Brighton Book Festival – The Literary Festival Making Marginalised Mainstream

Brighton Book Festival returns to Brighton for a second year for six days of literary events. The festival will take place on Tues 20 – Sun 25 June, within the same week as Independent Bookshops Week and Windrush day. Using the core values of the festival – Representation, Inclusion, Access and Community, we delve deeper into what events the festival hosts, and more importantly, how they use the festival to celebrate marginalised writers. 


Founded by two independent radical bookshop owners, Carolynn Bain of Afrori Books, and Ruth Wainwright of The Feminist Bookshop, at the core of Brighton Book Festival is making the marginalised mainstream. Represented at the festival are a range of authors from all types of communities across twenty events in the week. Some events include, ‘Real Life Dystopia’, ‘Colourful Nature’, ‘Boyz to men’ plus Nikesh Shukla as this year’s Writer in Residence. The award winning writer will host a workshop ‘Your Story Matters’ on the Saturday evening, encouraging participants to sharpen their own writing skills through themes of identity. 

At the forefront of the event is not just showcasing underrepresented authors, but also the heterogeneity of readers. Brighton Book Festival allows the opportunity for readers beyond the spectrum of white middle class to see themselves in books and writing too. 

Plus, on Thurs 22 June, a fully immersive multimedia experience will celebrate 75 years since the HMS Windrush arrived into the Tilbury Docks from the Caribbean. This will purport interesting conversations about migration and shaping diverse communities. Brighton Book Festival is not just about creating new literature and revolutionising a future for publishing opportunities; participants can also celebrate how or why our contemporary society has been formed beyond the books. 

The line-up also features Dorothy Koomson, Patrice Lawrence, Marvyn Harrison (founder of Dope Black Dads), Natalie and Naomi Evans (founders of Everyday racism), Yomi Sode, Diana Evans, Louise Hare, Charlie Brinkhurst-Cuff, Fats Timbo and many more.


As suggested by the diversity in which authors and communities are represented via the events, Brighton Book Festival is an incredibly inclusive space. In their first year, over 50% of attendees said they had never participated in a book festival before, which is a huge achievement for making ticket buyers feel included in the world of literature. 

Even if you do not love escaping into fascinating Sci-Fi, or getting your teeth sunk into horror novels, Brighton Book Festival ensures all types of literature is included. For instance, ‘It’s All Greek to Me!’ Is a discussion about classic plays on Weds 21 June. Or, Tuesday night’s Supper Club treasures recipes as stories using Lerato’s cook book Africana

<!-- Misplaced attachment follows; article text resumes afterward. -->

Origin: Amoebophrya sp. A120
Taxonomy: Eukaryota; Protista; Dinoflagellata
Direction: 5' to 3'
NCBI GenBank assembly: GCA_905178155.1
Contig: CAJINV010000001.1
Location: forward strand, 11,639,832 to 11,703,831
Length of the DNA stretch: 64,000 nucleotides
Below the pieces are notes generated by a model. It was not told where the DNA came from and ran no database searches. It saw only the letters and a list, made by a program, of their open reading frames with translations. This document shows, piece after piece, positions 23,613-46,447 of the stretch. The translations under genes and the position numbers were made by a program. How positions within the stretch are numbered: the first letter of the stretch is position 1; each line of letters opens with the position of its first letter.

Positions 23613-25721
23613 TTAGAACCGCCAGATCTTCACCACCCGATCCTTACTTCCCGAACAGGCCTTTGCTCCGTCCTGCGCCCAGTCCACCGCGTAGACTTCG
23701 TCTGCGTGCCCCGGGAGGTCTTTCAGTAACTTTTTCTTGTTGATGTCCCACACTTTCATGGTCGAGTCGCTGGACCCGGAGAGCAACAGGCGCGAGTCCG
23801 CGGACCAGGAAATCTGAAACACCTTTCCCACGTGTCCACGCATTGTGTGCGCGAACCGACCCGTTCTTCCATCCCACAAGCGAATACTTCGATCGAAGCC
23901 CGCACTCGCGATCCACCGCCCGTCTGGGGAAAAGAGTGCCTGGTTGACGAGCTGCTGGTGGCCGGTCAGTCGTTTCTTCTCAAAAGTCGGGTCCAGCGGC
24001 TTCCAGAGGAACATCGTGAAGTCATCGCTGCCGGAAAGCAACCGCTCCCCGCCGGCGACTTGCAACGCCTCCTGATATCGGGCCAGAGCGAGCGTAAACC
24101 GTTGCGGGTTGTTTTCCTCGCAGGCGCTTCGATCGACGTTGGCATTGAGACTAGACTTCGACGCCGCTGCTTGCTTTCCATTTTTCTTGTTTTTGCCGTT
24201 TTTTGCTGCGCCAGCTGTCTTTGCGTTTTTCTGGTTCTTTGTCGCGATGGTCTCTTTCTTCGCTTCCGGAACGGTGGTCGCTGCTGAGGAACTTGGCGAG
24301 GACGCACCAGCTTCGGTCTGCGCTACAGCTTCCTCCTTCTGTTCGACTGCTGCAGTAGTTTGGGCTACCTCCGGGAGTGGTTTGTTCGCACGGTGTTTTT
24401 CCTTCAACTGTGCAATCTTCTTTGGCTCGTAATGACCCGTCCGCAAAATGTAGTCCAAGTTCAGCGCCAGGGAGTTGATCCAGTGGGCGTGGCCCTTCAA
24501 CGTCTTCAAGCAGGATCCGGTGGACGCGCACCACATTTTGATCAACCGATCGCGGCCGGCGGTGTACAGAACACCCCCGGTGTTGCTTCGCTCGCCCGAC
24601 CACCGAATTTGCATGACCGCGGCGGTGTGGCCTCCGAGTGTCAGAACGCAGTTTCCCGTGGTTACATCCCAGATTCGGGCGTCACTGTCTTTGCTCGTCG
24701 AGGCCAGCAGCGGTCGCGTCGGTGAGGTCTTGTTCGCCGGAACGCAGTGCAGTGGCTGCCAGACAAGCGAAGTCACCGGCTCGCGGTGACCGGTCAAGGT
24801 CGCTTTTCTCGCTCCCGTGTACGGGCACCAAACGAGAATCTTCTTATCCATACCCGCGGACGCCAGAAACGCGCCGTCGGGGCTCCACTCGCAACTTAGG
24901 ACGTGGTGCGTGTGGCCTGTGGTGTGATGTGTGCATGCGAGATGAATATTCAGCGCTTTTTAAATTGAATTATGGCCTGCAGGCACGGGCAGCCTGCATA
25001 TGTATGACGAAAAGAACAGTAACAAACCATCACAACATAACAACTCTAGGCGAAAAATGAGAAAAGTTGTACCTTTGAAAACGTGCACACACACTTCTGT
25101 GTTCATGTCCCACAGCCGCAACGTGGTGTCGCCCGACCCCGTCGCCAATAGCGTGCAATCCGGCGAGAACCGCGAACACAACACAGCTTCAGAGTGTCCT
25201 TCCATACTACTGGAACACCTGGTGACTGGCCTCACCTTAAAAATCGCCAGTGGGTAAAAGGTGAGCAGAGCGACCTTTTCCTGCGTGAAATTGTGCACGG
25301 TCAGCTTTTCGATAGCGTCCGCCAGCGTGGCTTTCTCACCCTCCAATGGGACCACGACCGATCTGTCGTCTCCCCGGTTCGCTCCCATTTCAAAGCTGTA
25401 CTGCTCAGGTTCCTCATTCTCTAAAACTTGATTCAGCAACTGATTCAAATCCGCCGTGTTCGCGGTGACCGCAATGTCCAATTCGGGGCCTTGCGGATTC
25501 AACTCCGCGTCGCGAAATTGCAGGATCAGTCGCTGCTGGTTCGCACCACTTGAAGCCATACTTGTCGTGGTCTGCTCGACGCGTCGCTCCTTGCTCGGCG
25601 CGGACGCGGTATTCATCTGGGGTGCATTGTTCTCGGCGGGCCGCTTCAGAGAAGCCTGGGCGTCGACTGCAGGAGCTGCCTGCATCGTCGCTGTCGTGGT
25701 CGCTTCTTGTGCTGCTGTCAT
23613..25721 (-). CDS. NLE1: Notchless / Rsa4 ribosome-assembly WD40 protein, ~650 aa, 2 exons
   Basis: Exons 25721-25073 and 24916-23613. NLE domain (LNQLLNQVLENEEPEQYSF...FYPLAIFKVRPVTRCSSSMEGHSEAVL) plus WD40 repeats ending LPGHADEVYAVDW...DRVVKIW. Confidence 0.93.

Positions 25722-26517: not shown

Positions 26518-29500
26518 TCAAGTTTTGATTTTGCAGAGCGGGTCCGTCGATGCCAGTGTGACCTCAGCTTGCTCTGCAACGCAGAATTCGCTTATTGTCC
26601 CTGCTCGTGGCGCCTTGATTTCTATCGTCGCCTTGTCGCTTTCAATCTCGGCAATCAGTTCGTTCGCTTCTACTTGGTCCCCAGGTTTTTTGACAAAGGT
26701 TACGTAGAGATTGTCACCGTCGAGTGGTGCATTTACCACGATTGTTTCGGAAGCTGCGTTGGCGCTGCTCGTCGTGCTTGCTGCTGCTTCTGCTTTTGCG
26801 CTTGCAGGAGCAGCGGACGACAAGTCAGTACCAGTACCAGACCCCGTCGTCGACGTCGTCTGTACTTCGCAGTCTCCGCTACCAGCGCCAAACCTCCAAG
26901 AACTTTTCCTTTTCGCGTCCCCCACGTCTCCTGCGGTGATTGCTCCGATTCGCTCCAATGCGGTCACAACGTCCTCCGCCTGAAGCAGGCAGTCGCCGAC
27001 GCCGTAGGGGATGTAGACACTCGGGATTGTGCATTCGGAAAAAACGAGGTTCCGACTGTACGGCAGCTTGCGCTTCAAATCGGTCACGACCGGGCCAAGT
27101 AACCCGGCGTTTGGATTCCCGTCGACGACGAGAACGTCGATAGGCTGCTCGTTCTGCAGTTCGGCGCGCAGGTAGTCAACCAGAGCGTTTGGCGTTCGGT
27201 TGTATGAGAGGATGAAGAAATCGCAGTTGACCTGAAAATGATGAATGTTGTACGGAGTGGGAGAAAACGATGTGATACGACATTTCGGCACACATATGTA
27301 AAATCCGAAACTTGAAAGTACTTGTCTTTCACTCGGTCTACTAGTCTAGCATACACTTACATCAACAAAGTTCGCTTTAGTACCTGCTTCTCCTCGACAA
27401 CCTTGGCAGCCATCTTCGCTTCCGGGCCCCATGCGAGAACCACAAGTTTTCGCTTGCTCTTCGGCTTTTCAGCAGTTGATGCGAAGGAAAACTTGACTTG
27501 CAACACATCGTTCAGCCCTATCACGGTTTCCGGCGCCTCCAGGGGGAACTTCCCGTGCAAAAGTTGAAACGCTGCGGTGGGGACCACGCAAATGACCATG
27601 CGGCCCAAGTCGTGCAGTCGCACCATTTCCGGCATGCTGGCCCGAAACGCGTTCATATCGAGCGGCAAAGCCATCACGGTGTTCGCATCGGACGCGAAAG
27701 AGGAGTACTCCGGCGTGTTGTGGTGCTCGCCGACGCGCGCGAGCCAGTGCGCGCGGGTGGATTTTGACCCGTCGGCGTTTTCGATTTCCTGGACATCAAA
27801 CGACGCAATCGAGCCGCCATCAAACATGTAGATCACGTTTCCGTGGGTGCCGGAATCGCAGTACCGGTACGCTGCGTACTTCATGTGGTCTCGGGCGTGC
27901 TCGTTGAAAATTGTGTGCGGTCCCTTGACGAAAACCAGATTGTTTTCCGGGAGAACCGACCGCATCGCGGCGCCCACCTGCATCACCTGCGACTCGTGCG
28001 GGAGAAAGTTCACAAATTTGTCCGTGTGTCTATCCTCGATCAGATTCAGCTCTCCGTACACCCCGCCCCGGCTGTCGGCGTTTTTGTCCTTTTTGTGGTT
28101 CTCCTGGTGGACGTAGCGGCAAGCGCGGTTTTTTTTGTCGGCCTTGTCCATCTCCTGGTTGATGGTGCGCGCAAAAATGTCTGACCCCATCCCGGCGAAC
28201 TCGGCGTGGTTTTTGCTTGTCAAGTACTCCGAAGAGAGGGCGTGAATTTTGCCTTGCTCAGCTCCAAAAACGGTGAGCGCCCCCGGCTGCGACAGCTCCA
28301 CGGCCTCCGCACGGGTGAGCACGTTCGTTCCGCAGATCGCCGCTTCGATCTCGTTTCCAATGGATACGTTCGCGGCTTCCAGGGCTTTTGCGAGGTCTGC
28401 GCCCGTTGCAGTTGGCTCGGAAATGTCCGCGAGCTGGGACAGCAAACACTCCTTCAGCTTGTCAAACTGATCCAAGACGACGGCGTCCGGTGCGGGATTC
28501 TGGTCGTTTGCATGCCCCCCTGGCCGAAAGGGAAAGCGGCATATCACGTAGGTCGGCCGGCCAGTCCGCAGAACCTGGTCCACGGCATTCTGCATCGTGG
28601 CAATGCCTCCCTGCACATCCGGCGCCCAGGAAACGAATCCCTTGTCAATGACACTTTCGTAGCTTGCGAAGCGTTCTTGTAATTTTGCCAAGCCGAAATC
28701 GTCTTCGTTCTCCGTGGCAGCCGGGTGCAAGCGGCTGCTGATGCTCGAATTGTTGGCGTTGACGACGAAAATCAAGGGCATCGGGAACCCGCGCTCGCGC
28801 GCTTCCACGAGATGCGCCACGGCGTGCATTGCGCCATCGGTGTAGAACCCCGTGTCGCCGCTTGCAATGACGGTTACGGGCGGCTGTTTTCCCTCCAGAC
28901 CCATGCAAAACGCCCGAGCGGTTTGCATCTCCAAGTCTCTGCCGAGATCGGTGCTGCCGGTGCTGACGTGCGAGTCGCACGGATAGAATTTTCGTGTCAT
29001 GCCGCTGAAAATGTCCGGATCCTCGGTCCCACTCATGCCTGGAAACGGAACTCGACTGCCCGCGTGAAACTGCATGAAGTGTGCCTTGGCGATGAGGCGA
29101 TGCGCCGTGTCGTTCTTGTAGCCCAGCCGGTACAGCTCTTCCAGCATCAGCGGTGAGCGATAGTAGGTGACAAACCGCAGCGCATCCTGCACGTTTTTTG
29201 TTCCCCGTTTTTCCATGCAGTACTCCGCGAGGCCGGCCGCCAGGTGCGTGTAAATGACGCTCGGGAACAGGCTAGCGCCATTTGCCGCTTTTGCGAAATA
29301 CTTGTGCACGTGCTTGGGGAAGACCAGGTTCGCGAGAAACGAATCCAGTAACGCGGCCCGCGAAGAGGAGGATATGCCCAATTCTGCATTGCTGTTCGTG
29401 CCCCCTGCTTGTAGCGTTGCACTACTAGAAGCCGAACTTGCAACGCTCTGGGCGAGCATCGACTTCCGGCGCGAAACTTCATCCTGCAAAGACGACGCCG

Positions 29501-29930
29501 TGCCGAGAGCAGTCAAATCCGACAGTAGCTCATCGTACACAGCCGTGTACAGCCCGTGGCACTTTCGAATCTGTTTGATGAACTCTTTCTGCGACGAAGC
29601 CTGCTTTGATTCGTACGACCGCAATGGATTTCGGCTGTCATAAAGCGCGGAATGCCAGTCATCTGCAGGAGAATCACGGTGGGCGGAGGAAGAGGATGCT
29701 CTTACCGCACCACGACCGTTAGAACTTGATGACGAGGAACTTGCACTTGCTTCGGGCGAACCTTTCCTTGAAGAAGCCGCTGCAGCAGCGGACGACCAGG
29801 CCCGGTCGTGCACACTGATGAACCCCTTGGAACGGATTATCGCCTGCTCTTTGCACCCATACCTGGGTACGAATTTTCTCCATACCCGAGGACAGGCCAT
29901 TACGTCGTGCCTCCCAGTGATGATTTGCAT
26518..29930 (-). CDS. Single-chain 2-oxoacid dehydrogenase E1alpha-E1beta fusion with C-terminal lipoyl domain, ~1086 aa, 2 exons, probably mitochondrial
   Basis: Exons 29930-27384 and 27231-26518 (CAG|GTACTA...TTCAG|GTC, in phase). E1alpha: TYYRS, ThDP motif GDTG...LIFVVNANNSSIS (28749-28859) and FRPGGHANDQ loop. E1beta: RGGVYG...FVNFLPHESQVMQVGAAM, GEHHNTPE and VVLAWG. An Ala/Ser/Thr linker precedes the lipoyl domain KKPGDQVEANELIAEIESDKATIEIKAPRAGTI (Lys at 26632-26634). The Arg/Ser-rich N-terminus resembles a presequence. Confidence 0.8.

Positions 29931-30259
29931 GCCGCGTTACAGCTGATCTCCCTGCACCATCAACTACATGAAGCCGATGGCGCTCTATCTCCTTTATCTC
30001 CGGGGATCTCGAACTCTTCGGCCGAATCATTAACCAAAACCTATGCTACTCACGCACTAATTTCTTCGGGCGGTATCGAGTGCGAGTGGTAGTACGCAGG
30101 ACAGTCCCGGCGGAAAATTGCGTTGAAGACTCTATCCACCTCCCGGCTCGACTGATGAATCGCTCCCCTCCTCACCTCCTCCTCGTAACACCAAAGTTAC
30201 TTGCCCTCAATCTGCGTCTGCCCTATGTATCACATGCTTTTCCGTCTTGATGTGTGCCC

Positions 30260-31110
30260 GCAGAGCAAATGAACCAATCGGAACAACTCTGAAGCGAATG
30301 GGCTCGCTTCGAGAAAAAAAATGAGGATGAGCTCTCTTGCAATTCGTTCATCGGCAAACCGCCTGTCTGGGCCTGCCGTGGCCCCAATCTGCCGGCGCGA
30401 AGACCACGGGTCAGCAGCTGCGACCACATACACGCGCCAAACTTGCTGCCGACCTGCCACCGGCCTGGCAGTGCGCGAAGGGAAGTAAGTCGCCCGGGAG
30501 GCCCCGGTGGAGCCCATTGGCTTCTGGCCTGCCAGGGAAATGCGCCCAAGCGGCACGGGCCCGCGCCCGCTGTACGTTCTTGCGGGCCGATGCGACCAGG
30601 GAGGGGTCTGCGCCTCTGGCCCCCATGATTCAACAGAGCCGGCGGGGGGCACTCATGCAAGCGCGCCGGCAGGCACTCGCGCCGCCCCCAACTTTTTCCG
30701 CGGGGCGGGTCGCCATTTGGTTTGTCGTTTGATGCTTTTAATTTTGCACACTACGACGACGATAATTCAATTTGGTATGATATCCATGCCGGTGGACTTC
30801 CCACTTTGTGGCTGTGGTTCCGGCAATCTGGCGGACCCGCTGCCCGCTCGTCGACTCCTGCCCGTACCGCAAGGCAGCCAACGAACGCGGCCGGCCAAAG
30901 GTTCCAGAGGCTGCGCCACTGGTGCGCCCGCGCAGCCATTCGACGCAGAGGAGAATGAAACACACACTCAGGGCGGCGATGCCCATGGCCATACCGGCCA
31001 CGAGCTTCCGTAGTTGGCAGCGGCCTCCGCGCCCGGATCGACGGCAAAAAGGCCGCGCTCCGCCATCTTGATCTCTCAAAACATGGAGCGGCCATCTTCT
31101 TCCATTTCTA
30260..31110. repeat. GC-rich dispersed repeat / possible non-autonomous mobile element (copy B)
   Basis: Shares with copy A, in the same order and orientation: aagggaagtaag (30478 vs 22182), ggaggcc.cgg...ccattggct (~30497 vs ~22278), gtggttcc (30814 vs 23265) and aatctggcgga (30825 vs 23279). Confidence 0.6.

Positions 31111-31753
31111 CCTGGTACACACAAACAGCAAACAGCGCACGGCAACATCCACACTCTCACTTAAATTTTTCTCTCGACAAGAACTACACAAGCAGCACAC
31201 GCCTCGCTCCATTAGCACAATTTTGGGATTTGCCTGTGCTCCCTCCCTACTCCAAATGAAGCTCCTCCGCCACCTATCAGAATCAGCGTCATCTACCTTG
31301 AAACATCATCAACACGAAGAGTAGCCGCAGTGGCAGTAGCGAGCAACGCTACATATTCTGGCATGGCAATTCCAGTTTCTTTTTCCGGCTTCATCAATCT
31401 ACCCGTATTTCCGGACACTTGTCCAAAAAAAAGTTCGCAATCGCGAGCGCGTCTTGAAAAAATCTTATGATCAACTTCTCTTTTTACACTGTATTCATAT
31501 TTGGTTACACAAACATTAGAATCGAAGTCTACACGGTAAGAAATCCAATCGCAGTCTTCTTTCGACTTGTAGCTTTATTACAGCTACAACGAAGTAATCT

Included in the process of putting the festival together is a committee of all Brighton based women. They are proud to be working in partnership with the Brighton Centre for Contemporary of Arts at the University of Brighton where many of the events will be hosted. Founding member of Sistas by the Sea and Legacy Film Festival Althea Wolfe joins Ruth and Carolynn as a director of Brighton Book Festival this year.


Speaking on last year’s festival, Ruth Wainwright said “we had a big dream to create a festival for Brighton that was accessible for everyone, not just a small elite group. In the middle of a cost of living crisis, we know that people need to have events that they want to attend and can afford. So, we are ensuring that ticket prices are as accessible as possible.” 

There are many other ways Brighton Book Festival is looking to be as accessible as possible, with all venues being wheelchair friendly. Alternatively, you can register for some events online, participating via livestream. This opportunity really broadens the landscape for who can attend the festival, no matter where in the world literature lovers may be. 


The collaborations with local publishers, local charities, local businesses, independent booksellers, and other partners truly makes Brighton Book Festival a communal event. A sense of community that you could also volunteer for. Should you be interested in volunteering at the festival, helping run the events therefore developing organisation and communication skills, go to 

The sense of community at Brighton Book Festival is guaranteed to be second to none as everyone is encouraged to feel inspired and get creative. To read, write, listen and vocalise stories, regardless of who you are. It is truly a revolutionary era for literature in terms of who is being published and whose stories are being heard. Become a part of this history by attending the festival, and hopefully other major literature events will follow suit. 

Spread the word and also get involved with the Brighton Book Festival online community at @brightonbookfestival

For specific event information over the six days, and to book your tickets, got to

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